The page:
Totally agree!!!! I as well as some of you where mad as hell when it was strictly called Vegas Video, because we where doing strictly audio work. It seems like our voice was loud enough back then and Sonic Foundry listened to us. I was highly impressed with a lot of the audio features that got added to v5.0. I definately didn't get everything I wanted, but I at least considered it a significant audio update and made me believe it was still alive and well on the audio side. v6.0 clearly shows that the audio side features is not even a consideration. So change the name back to Vegas Video, so no more audio users will be confused of the market segment it's focused in. "Vegas Multimedia"? I don't think so, if that was the case I would expect at least a 50/50 development. I would be willing to bet that the last Final Cut Pro upgrade, got more audio features than Vegas. If FCP and Primiere really becomes concerned with the power of Vegas audio features, they need to only add one feature, Rewire to address that issue.
klyon wrote on 4/20/2005, 5:16 PM
Maybe they should have a two-tiered pricing scheme: video users can pay the full $149 upgrade price and audio users can pay for what they're getting... $19? $25? $30 tops.
Seems fair to me. Think it'll fly?
drbam wrote on 4/20/2005, 5:18 PM
"Maybe they should have a two-tiered pricing scheme: video users can pay the full $149 upgrade price and audio users can pay for what they're getting... $19? $25? $30 tops.
Seems fair to me. Think it'll fly?"

Probably not but its certainly the fair and right thing to do! I'd even pay a little bit more (not much tho).

jaegersing wrote on 4/20/2005, 5:28 PM
Hi James. Do you happen to know if there is a downloadable Traktion demo available?

randygo wrote on 4/20/2005, 5:31 PM

DirectiXer cost me $40, so I would be willing to pay $40 for similar VST support native in Vegas. I'd consider that fair and that's the only value I can see in this release for me. I'd pay $300 if they added folder tracks, hidden tracks, track freeze, and a few other dirt simple fixes that should be there (toggling "Show active takes"!).

But Sony doesn't care about me, so its not going to happen!

James Young wrote on 4/20/2005, 5:41 PM

I've never tried version 2. I have version 1 here, they were offering it for free just several months ago - not sure if they still are.
James Young wrote on 4/20/2005, 5:43 PM
oops, looks like the free version offer ended this new year.
James Young wrote on 4/20/2005, 5:48 PM
I should prbably add that no, Tracktion is nowhere near Vegas or Logic in either of their feature sets. It ain't cheap because of nothin'
TubeLover wrote on 4/20/2005, 6:22 PM
"But Sony doesn't care about me, so its not going to happen!"

Have you ever called tech support with an audio question? I've known that since 2.0!!!! Several times I've called them and told them of probs I was having and they'd act like I didn't know what I was talking about.Then, the next update comes out and....well what do ya know!!!!There is my problem listed on the release notes!!!! The phone support guys could learn a thing or to from the registration dep. let me tell ya!!They pop in and out of this forum, dodging real issues and leaving short answers ....many unanswered questions. I ended up paying the $199 for VST and metronome because I really don't have time to learn a new program with how busy the use of Vegas made me, and I need it to work correctly. I think its sad to be led on this way.If I only could have known that Vegas was gonna bail on us after raising our hopes with ASIO in 4.0 and Automation in 5.0. I have based my entire business on the speed and convenience of vegas, even defended it's honor in the face of Avid Protools users (holding a pretty good arguement based on the 4.0 to 5.0 update....which I've used to scare many protools users I know when they see how quickly I can work on Vegas) only to be made a fool now for the next year or so.I wish I would have known this before I got this far but it's too late to turn back now...too busy...SONY.....YOU WIN!!!!! YOU GOT MY $200 DOLLARS!!!! I HOPE YOUR HAPPY BECAUSE ALOT OF PEOPLE ARE VERY UPSET!!!!!!!!!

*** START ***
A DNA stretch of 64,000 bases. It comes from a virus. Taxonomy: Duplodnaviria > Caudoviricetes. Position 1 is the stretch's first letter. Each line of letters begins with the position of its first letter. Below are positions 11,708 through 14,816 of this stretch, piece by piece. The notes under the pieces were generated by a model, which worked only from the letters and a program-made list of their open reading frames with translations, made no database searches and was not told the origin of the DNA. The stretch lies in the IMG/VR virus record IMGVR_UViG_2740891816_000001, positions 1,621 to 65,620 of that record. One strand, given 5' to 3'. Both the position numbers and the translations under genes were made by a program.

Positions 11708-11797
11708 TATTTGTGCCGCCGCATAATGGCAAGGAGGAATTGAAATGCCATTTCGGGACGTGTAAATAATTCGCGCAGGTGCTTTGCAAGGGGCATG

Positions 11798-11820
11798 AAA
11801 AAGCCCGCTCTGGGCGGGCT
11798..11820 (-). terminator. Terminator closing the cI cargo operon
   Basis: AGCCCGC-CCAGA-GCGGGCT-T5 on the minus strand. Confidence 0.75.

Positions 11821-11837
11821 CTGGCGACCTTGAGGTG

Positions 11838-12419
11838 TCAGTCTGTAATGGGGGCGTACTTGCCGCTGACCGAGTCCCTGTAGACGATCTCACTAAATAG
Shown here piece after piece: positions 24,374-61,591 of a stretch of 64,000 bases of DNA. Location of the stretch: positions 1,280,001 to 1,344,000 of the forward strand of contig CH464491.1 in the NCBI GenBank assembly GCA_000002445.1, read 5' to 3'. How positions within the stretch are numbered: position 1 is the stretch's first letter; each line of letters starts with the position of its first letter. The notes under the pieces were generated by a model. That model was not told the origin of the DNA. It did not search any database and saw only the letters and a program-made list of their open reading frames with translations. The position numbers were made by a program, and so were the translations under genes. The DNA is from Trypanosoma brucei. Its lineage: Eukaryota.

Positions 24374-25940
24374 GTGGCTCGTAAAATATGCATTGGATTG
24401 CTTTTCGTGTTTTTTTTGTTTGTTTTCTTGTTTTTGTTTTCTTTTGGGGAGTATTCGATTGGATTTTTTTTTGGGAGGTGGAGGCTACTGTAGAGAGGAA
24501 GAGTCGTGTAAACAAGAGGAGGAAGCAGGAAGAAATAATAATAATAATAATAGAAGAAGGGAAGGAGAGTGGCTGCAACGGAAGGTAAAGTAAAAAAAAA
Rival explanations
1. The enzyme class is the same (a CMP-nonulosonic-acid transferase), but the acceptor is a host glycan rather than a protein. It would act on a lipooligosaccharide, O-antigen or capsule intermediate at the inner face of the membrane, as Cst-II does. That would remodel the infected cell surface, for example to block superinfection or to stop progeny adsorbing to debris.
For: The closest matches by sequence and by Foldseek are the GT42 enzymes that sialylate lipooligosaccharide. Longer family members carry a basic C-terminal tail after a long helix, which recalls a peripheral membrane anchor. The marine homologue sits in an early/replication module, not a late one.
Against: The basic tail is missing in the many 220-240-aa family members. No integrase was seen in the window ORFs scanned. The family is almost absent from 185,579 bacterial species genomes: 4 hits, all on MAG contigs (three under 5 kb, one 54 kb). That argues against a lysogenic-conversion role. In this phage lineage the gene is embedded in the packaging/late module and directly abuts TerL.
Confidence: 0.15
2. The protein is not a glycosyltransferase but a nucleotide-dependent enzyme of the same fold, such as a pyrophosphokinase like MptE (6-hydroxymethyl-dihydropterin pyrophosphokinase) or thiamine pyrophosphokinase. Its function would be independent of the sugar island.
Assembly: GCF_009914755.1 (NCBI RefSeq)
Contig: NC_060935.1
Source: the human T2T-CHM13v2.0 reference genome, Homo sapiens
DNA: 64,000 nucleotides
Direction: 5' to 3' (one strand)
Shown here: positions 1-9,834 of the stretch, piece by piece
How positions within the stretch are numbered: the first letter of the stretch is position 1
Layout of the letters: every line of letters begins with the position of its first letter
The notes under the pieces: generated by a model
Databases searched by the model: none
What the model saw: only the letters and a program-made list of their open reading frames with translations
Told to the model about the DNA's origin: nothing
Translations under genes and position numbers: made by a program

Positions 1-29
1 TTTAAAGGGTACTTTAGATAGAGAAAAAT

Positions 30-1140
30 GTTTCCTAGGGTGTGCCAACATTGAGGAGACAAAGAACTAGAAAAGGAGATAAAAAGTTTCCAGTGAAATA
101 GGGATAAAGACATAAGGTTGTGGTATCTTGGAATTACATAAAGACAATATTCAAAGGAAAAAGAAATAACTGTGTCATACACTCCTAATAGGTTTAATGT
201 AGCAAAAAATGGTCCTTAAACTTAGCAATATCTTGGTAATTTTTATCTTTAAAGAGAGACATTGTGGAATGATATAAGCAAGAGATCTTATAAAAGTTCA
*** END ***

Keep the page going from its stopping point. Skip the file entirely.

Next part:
drbam wrote on 4/20/2005, 7:11 PM
"SONY.....YOU WIN!!!!! YOU GOT MY $200 DOLLARS!!!!"

Yeah Tubelover, I think you've nailed it here. A few audio people may move on to other apps but most will probably just suck it up and stay the course because they really don't have the time to demo and learn a new program if they're doing this for a living and Vegas has been their main app. Given the numbers that are really voicing their complaints here (less than a dozen), the loss to Sony at most would be less than $2000 (figuring the $150 upgrade). That's not even the cost of a full page color ad in a major mag. Bring in a few newby video folks with the new features in Vegas 6 and it actually pays off for them to lose a few on this side, at least from a "multimedia" marketing perspective. At this point in Vegas's evolution, WHY would they even want "audio only" folks in the fold?? I would think by now its more of a PITA for them than anything else. They can no longer ligitimately market to the audio world with any degree of integrity and as a result, they will primarily hear complaints from us. Anyway, easy math – easy choice.